Recently completed experimental series
1-dof systems lying on square foundation : Monotonic and cyclic loading (P2011SQF2)
Experimental investigation of the metaplastic response of 1-dof systems on surface square foundations, subjected to displacement control lateral pushover loading. The objective of this series of experiments was to shed light on some of the most important factors that affect the non-linear response of shallow foundation-structure systems when loaded well into their non-linear range. Primarily, this parametric investigation was conducted with respect to the design FSv values, accomplished both by altering the superstructure mass and by utilizing different soil profiles. Secondly, the role of the sand relative density was examined by utilizing three cohesionless soil deposits. Moreover, the effect of the load history was investigated in terms of horizontal displacement amplitude and number of cycles. Finally, the potential effectiveness of shallow soil improvement was explored in an attempt to limit the uncertainties relating to the nonlinear soil response.
The experiments were conducted in the framework of the Research Project “DARE” (“Soil – Foundation – Structure Systems Beyond Conventional Seismic Failure Thresholds : Application to New or Existing Structures and Monuments”) and were carried out by Dr. I. Anastasopoulos, P. Kokkali, A. Tsatsis and E. Papadopoulos. The complete series of experiments consists of 34 experiments conducted between 07/04/2011 and 30/05/2011.
Experimental investigation of vertical load capacity of surface footings (P2011SQF1)
The primary objective of this project is the experimental measurement of the vertical load capacity of surface square footings, lying on different types of homogeneous and two layered sand profiles. Measuring the ultimate load capacity is the first step for the definition of the factor of safety against vertical loading, a key response parameter in many problems that will be explored in future projects. To this end, the footings are subjected to displacement control vertical pushover loading, in order to estimate their vertical load capacity. Cyclic vertical loading is also imposed at the footings in an attempt to capture their loading – unloading – reloading response. The experiments were conducted in the framework of the Research Project “DARE” (“Soil – Foundation – Structure Systems Beyond Conventional Seismic Failure Thresholds : Application to New or Existing Structures and Monuments”) and were carried out by Dr. I. Anastasopoulos, Dr. V. Drosos, P. Kokkali and A. Tsatsis. The complete series of experiments consists of 21 experiments conducted between 25/01/2011 and 11/03/2011.
Experimental investigation of the seismic behavior of classical multi-drum columns (S2011MDC)
One of the most common types of ancient monuments around the Mediterranean is the Greek classical temple. Unfortunately, since then, very few of them have remained intact and most of these monuments now consist of a couple of free-standing multi-drum columns. However, their dynamic response is highly non-linear and extremely complicated to be predicted by analytical methods. Since these structures are made of stones resting on top of each other without mortar and due to their extreme slenderness, multi-drum columns are particularly vulnerable to seismic shaking. A series of experiments on the shaking table of the Soil Mechanics Laboratory of NTUA was conducted to investigate the dynamic response of single or two “connected” multi-drum columns (portal). Results provide valuable insight on the different aspects of response taking place for different characteristics of the base excitation.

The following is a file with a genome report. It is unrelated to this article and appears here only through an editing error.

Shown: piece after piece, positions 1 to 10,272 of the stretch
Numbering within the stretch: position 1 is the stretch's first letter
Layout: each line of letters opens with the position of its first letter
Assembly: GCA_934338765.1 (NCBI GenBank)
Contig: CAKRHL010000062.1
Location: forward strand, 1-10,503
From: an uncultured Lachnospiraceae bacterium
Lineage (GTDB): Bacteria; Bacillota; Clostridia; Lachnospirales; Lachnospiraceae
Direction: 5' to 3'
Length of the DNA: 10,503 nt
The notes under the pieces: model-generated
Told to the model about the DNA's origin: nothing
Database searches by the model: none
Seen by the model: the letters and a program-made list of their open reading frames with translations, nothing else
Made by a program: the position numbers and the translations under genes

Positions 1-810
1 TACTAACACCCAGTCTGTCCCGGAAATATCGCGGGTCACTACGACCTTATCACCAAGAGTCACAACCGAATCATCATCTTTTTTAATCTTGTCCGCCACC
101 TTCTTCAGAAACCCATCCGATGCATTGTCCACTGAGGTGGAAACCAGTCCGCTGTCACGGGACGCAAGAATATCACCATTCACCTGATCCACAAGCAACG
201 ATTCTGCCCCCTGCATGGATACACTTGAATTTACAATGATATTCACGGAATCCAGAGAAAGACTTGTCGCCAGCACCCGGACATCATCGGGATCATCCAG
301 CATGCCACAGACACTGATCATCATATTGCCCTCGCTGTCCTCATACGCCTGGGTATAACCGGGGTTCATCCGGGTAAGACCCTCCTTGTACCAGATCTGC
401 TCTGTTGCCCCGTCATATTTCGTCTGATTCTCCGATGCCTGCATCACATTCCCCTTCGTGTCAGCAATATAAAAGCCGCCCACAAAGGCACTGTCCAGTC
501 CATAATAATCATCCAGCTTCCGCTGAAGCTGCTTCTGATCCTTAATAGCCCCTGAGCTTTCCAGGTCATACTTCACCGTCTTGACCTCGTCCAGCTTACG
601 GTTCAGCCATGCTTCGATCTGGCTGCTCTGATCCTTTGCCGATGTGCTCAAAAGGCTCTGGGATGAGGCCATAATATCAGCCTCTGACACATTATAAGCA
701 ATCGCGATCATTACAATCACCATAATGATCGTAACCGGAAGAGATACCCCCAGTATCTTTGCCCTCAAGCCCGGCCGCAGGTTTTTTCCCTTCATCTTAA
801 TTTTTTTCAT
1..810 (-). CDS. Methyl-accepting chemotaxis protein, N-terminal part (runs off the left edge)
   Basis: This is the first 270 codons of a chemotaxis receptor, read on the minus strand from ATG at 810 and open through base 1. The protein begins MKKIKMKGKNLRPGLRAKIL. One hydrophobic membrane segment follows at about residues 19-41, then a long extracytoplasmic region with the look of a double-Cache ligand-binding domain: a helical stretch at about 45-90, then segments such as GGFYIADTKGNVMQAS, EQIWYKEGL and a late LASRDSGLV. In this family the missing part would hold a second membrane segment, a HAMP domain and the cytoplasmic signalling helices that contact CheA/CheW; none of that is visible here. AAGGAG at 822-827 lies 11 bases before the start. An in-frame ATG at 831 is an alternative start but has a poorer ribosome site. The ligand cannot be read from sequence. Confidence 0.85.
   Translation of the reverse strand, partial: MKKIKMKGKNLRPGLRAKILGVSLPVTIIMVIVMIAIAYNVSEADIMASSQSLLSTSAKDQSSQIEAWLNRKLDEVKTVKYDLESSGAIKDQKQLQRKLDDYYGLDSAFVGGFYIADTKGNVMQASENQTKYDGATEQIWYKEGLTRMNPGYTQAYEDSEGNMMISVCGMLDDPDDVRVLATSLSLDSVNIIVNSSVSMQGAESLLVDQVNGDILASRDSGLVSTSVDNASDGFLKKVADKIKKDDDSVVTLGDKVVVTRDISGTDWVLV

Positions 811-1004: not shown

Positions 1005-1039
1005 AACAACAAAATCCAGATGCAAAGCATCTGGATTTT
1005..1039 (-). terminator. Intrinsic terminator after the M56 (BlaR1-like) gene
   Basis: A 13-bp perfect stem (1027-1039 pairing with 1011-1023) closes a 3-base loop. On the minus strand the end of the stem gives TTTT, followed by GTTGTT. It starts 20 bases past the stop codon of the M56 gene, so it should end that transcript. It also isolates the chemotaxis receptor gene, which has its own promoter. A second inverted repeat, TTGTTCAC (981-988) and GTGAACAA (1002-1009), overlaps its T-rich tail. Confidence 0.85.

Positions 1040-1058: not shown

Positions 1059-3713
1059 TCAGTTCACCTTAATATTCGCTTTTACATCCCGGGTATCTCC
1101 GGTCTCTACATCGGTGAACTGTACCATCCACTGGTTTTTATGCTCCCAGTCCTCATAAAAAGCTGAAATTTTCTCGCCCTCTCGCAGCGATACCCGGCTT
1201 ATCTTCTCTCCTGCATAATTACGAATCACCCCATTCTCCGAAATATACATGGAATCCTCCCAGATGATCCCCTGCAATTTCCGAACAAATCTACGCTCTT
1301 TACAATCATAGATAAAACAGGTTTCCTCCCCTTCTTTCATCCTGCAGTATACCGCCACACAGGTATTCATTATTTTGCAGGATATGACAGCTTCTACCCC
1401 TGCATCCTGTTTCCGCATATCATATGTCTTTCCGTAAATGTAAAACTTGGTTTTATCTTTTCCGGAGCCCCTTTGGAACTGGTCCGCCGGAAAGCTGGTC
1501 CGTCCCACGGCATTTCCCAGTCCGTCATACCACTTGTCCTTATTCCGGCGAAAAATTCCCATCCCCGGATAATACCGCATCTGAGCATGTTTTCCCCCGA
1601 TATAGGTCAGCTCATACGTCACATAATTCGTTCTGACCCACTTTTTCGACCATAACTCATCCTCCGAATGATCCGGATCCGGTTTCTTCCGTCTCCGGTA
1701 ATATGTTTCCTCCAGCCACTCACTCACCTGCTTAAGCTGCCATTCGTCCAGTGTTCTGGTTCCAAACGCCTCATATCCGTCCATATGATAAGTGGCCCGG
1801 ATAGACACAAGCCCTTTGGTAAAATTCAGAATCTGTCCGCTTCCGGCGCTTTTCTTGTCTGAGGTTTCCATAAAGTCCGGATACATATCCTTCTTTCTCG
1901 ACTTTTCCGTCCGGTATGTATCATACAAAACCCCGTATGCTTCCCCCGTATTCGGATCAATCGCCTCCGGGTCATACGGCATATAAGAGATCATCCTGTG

Experimental assessment of the seismic response of three-leaf stone masonry walls, with due consideration to soil–structure interaction (P2011SMW)
The out-of-plane seismic response of historic stone masonry walls is investigated herein, with due consideration to soil–foundation–structure interaction (SFSI). A series of pushover tests were performed on reduced scale (1:3) wall specimens, which consisted of a three-leaf stone masonry built on top of a spread footing. The walls were subjected to out-of-plane displacement, imposed at mid-height. Initially, a set of experiments were conducted ignoring SFSI. Then, the specimens were founded on a sand layer to examine the role of SFSI. Two idealized soil deposits were modeled: (a) dense sand of relative density Dr = 92%, and (b) loose sand of relative density Dr = 33%. It is shown that the performance of the walls is substantially affected by SFSI effects, as well as by the boundary conditions.
Experimental series currently in progress
1-dof systems lying on square foundation : Shaking Table Testing (S2011SQF1)
As a measure of limiting the uncertainties related with the foundation design, as well as enhancing the performance of soil–foundation–structure system, the employment of a shallow soil crust is suggested. Motivated by this innovative idea, an experimental study has been conducted at the Laboratory of Soil Mechanics of NTUA in order to investigate the effectiveness of such a measure. To that end, two idealized 1-dof structures founded on square footing are being subjected to dynamic loading (employing both artificial and seismic excitation real records of varying intensity), while emphasis is placed on the performance of the system when loaded well into its nonlinear range (seismic excitation exceeding the design limits).
The experiments were conducted in the framework of the Research Project “DARE” (“Soil – Foundation – Structure Systems Beyond Conventional Seismic Failure Thresholds : Application to New or Existing Structures and Monuments”) and were carried out by Dr. I. Anastasopoulos, P. Kokkali and A. Tsatsis. The complete series of experiments consists of 18 experiments conducted between 17/06/2011 and 18/07/2011.